Format

Send to

Choose Destination
J Hosp Infect. 2010 Nov;76(3):191-9. doi: 10.1016/j.jhin.2010.04.026. Epub 2010 Aug 12.

Benefit and harm of iodine in wound care: a systematic review.

Author information

1
Quality Assurance & Process Innovation Department, Academic Medical Center at the University of Amsterdam, The Netherlands.

Abstract

Nowadays many products are available to combat infections and thus to promote wound healing. Iodine is one of these products, but reports are conflicting as to the effectiveness and adverse effects of iodine in the treatment of wounds. A systematic review was performed of 27 randomised clinical trials, reporting on chronic, acute, burn wounds, pressure sores, and skin grafts. Main outcome parameters were wound healing, bacterial count, and adverse effects. Iodine did not lead to a reduction or prolongation of wound-healing time compared with other (antiseptic) wound dressings or agents. In individual trials, iodine was significantly superior to other antiseptic agents (such as silver sulfadiazine cream) and non-antiseptic dressings, but seemed inferior to a local antibiotic (Rifamycin SV MMX(®)) and, when combined with alcohol, to crude honey in reducing bacterial count and/or wound size. Adverse effects, including thyroid function derailment, did not occur more frequently with iodine. Based on the available evidence from clinical trials, iodine is an effective antiseptic agent that shows neither the purported harmful effects nor a delay of the wound-healing process, particularly in chronic and burn wounds. The antiseptic effect of iodine is not inferior to that of other (antiseptic) agents and does not impair wound healing. Hence, iodine deserves to retain its place among the modern antiseptic agents.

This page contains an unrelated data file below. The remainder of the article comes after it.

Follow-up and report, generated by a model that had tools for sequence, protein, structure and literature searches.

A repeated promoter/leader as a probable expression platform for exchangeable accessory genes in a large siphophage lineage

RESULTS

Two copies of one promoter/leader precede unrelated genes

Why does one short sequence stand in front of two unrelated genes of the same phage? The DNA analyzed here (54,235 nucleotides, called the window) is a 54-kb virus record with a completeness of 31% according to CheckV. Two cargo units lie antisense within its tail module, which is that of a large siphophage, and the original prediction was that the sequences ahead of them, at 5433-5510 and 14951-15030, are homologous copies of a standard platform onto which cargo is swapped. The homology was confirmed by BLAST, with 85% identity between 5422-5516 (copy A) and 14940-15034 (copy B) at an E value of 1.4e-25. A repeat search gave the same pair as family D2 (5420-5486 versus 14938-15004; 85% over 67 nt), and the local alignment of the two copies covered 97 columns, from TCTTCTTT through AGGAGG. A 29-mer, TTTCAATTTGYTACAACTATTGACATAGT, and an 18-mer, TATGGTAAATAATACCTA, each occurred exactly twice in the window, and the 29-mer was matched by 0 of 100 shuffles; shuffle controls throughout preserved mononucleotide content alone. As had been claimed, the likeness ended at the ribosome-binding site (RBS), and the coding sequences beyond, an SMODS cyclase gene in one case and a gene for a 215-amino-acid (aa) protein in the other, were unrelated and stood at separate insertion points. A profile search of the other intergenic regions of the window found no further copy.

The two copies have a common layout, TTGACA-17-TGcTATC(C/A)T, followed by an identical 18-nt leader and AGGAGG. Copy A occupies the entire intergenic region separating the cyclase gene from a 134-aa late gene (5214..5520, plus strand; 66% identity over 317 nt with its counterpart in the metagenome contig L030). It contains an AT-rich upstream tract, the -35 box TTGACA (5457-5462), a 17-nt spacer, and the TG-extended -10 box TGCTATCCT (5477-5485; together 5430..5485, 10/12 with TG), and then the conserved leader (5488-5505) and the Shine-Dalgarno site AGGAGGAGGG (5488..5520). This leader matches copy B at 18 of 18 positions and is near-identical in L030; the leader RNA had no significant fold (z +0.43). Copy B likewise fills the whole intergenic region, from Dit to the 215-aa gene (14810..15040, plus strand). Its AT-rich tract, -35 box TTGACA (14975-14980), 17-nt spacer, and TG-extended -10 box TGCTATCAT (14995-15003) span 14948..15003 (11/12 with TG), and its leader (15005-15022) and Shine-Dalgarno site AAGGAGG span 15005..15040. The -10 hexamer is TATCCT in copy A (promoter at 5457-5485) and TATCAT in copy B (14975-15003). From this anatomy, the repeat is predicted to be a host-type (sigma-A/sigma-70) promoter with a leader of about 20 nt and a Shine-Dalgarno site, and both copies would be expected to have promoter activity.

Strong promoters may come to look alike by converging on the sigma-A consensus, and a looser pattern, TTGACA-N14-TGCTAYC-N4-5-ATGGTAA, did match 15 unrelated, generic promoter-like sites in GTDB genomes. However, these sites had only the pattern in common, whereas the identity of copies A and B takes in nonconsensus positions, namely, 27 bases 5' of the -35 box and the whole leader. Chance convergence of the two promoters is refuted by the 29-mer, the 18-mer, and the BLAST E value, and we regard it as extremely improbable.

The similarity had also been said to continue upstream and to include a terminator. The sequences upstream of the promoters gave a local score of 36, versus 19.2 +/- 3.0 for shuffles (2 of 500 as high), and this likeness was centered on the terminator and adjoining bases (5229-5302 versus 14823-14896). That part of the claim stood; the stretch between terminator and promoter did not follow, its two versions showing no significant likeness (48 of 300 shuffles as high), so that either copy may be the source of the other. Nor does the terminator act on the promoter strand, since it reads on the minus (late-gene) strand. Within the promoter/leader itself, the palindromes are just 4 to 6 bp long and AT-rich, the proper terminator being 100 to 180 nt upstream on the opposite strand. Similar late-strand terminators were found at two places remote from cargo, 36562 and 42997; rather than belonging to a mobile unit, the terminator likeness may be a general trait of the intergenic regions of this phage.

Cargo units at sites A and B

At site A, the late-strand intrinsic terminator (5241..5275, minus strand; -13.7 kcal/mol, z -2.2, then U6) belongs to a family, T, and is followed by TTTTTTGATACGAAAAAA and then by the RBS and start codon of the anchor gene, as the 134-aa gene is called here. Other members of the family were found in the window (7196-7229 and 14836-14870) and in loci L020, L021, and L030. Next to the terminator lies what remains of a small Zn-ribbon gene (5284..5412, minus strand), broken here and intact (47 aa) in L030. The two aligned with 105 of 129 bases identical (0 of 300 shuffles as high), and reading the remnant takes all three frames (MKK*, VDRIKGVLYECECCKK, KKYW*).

PMID:
20619933
DOI:
10.1016/j.jhin.2010.04.026
[Indexed for MEDLINE]

Supplemental Content

Full text links

Icon for Elsevier Science Icon for PubMed Health
Loading ...
Support Center